But it didn’t take long for lawmakers to realize that SB223 could benefit from its own rules. So legislators passed House Bill 222 on Aug. 13, 2017, adding additional restrictions that will go into effect on Jan. 1, 2018.
According to HBBCO, these include prohibiting minors from purchasing cannabis, requiring background checks for anyone involved in the distribution, and mandating annual inspections of growing facilities by local health departments.
While HB222 still leaves room for the possibility of regulating cannabis farms like traditional agriculture operations, Republican Rep. Brad Daw said during the debate that passing a stricter bill wasn’t worth delaying the implementation of Prop 2 entirely.
Daw also admitted that he has epilepsy, making him personally aware of how CBD oil helped treat his seizures. Still, he argued against allowing parents to opt out of medicating children using cannabis extracts.
“We’ve heard testimony today from families across our state that they are concerned because their child might need medication for seizures,” Daw told fellow representatives. “And I’m worried we’ll lose that opportunity because we pushed back getting Prop 2 implemented.”
The only place in Utah where adults can purchase a full spectrum strain of medical marijuana is through registered compassion centers. These organizations provide free access to low-THC strains designed for pain relief and muscle relaxation.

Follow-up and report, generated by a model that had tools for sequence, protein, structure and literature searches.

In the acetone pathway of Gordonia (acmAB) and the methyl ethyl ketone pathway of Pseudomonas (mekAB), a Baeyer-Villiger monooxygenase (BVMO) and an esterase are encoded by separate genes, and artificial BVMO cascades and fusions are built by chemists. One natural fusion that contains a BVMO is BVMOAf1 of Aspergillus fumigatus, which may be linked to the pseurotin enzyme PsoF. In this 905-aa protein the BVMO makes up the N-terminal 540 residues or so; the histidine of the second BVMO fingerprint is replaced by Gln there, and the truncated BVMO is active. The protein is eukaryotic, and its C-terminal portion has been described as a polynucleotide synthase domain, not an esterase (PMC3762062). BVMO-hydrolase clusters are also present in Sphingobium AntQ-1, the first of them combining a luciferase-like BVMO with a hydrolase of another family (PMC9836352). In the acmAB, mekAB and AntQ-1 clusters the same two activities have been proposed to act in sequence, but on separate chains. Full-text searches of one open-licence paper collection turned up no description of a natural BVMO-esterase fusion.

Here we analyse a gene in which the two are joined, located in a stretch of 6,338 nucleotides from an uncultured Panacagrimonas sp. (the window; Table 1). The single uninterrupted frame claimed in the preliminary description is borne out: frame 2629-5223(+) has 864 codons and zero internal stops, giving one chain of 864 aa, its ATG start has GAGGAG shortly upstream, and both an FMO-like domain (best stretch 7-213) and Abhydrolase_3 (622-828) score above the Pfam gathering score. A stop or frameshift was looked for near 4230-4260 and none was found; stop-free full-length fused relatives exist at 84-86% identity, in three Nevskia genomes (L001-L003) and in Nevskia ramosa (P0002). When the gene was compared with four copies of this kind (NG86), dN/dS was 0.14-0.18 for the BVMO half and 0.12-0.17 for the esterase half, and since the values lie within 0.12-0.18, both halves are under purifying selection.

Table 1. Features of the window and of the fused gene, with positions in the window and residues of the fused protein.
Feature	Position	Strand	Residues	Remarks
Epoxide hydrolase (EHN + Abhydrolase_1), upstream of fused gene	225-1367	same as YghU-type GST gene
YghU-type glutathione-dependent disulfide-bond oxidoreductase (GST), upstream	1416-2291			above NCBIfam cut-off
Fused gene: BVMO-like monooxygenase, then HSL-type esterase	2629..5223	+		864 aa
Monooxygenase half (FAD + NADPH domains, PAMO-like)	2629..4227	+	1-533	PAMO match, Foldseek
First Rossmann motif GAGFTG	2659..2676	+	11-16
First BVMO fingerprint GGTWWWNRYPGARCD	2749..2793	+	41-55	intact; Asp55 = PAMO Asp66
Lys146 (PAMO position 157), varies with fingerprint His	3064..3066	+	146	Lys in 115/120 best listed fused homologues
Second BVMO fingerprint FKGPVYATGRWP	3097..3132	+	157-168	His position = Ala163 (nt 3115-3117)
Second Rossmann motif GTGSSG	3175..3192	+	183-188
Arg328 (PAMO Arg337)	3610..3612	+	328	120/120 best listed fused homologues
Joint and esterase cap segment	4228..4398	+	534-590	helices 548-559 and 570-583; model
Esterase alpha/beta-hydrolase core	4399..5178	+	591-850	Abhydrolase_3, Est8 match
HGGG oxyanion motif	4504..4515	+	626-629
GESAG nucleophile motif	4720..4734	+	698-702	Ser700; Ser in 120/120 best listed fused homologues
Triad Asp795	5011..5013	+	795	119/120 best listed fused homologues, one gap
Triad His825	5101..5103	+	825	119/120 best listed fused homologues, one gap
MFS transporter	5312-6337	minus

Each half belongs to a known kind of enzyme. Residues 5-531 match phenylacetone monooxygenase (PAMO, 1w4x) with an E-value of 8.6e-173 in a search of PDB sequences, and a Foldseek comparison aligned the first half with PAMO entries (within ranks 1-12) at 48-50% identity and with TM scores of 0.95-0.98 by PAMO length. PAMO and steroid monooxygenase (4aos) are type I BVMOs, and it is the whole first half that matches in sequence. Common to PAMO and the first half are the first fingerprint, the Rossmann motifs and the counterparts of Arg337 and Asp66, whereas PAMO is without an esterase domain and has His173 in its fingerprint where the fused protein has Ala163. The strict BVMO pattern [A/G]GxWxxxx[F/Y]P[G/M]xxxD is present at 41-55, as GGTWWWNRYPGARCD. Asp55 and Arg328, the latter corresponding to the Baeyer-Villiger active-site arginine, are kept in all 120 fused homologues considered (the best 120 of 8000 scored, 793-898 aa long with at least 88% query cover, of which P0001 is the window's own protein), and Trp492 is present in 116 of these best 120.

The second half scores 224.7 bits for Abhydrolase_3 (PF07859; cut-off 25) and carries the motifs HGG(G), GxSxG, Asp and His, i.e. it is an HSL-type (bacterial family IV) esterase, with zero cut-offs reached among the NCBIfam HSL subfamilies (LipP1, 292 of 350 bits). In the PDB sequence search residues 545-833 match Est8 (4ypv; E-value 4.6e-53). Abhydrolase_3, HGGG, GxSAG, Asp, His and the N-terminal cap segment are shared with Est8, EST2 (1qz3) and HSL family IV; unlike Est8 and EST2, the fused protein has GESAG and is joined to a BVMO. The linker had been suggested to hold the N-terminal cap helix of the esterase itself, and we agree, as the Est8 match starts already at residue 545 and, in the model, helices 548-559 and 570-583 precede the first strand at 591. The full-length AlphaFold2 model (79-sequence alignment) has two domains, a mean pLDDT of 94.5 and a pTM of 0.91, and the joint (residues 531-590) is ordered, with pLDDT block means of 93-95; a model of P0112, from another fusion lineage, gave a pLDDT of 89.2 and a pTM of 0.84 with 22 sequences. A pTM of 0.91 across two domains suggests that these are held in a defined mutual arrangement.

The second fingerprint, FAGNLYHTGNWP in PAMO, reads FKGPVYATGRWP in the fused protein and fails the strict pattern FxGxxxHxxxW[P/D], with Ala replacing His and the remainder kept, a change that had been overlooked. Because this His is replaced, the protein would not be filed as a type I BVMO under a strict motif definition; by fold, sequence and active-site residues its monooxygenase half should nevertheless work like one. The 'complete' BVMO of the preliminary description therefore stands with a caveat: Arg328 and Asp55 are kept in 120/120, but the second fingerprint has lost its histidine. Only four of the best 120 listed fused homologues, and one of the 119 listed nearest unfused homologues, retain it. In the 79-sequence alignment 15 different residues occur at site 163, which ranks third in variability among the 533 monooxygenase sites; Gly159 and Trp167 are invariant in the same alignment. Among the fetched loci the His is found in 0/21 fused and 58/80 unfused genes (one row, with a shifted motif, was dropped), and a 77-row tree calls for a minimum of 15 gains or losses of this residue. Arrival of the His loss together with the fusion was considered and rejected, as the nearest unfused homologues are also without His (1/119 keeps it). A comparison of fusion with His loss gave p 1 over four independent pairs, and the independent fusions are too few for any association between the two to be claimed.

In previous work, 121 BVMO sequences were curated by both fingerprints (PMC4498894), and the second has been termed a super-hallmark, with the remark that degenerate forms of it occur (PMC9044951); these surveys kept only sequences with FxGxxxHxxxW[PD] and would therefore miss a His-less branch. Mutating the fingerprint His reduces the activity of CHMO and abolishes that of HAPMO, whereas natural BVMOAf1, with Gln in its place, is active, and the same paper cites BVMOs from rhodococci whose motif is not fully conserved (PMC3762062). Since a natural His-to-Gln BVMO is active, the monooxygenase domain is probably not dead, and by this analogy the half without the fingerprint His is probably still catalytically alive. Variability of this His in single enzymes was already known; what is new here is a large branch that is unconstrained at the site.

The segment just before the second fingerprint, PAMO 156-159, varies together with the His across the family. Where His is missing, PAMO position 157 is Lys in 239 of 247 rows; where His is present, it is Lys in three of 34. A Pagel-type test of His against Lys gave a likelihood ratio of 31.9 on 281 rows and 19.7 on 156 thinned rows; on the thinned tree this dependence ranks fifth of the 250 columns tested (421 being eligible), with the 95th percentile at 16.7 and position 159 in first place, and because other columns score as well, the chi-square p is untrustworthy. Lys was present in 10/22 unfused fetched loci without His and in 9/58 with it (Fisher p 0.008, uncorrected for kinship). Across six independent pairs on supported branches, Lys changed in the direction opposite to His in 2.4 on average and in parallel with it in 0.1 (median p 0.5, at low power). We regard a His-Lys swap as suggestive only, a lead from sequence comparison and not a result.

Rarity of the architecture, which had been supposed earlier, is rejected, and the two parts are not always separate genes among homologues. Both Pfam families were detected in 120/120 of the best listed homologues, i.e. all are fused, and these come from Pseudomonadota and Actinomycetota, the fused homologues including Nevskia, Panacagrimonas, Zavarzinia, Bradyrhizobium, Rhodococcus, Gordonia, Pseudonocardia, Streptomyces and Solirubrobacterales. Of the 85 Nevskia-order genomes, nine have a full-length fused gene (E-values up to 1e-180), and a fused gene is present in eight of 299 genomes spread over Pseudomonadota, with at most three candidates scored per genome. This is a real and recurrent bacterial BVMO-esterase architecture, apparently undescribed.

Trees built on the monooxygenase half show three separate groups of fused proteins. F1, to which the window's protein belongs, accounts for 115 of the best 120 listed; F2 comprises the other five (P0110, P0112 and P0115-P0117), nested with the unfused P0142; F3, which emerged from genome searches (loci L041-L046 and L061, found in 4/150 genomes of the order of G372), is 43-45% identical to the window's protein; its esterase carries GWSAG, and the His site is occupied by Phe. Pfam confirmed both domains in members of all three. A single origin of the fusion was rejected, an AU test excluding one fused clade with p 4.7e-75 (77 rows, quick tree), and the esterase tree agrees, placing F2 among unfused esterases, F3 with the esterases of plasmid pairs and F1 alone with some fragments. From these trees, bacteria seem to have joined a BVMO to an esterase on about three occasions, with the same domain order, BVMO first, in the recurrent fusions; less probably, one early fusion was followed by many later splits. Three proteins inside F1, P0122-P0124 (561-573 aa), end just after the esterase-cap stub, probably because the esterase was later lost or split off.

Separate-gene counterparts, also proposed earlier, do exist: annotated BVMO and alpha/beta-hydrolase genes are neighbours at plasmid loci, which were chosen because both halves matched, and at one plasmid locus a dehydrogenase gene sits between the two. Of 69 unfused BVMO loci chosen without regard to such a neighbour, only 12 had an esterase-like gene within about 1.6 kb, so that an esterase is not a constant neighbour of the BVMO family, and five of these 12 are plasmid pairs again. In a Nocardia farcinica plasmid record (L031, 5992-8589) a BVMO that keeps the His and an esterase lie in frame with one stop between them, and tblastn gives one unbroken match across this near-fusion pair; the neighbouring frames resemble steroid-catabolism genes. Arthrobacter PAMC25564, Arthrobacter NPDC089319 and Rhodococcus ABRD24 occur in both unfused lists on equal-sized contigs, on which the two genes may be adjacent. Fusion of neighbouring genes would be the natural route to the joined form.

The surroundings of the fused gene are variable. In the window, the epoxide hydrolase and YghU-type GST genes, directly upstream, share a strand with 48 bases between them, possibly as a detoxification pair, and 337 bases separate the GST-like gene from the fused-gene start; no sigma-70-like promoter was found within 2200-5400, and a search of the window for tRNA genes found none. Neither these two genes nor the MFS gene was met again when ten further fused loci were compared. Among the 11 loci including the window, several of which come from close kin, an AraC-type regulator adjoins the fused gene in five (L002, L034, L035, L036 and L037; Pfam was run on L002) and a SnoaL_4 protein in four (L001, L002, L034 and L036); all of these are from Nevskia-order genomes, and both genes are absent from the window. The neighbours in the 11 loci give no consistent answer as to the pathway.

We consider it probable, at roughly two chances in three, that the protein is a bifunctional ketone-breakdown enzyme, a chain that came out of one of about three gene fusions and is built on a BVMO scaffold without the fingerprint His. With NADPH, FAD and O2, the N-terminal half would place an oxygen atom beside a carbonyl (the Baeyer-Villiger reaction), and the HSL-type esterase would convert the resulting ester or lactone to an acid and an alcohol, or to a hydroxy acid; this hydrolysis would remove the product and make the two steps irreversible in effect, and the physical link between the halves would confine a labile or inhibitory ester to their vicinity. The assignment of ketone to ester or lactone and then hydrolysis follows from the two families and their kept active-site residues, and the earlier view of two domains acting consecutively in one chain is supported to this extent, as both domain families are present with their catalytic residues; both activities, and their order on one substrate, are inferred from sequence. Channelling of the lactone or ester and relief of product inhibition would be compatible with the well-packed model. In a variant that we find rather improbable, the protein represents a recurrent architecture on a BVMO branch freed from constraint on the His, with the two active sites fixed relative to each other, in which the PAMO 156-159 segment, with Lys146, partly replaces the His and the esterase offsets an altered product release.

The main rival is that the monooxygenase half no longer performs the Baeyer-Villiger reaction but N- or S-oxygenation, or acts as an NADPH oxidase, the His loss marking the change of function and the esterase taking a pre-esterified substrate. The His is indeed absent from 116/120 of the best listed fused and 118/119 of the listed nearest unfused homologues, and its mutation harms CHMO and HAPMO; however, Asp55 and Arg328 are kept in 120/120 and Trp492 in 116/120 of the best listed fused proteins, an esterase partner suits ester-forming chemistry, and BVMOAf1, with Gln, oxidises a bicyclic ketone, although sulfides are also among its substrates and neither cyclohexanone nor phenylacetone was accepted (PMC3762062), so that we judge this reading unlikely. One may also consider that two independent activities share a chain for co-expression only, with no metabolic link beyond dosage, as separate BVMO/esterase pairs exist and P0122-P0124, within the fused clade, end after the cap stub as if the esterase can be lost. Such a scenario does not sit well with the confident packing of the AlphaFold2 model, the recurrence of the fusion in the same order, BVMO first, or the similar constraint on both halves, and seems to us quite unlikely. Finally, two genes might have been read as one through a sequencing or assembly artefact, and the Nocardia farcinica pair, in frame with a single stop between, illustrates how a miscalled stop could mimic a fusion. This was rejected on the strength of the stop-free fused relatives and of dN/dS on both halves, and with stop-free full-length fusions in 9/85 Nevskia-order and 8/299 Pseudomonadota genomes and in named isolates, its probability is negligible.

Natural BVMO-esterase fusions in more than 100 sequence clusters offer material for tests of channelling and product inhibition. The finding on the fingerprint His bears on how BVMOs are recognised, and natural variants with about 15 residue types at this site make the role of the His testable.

Only eight compassion centers exist around the state, with two located in Salt Lake County and six spread throughout Weber, Davis, Summit, Box Elder, and Morgan counties. Patients with cancer, glaucoma, HIV/AIDS, Crohn’s disease, multiple sclerosis, and post-traumatic stress disorder aren’t eligible to receive care via compassion centers.
On June 28, 2017, the Utah Legislature passed another piece of legislation, Senate Concurrent Resolution 100, legalizing cannabis for medical and recreational purposes. Under SCR100, citizens ages 18 and older can possess up to 8 ounces of usable cannabis and 16 ounces of total combined weight for personal use. In addition, adults can cultivate up to 12 female flowering plants and six mature males per residence.
However, unlike Prop 2, SCR100 won’t become effective until January 2020. Utah Attorney General Sean Reyes intends to draft language for statewide passage by then. Until then, the state legislature plans to hold hearings next year to determine whether current laws regarding cannabis prohibition should remain intact.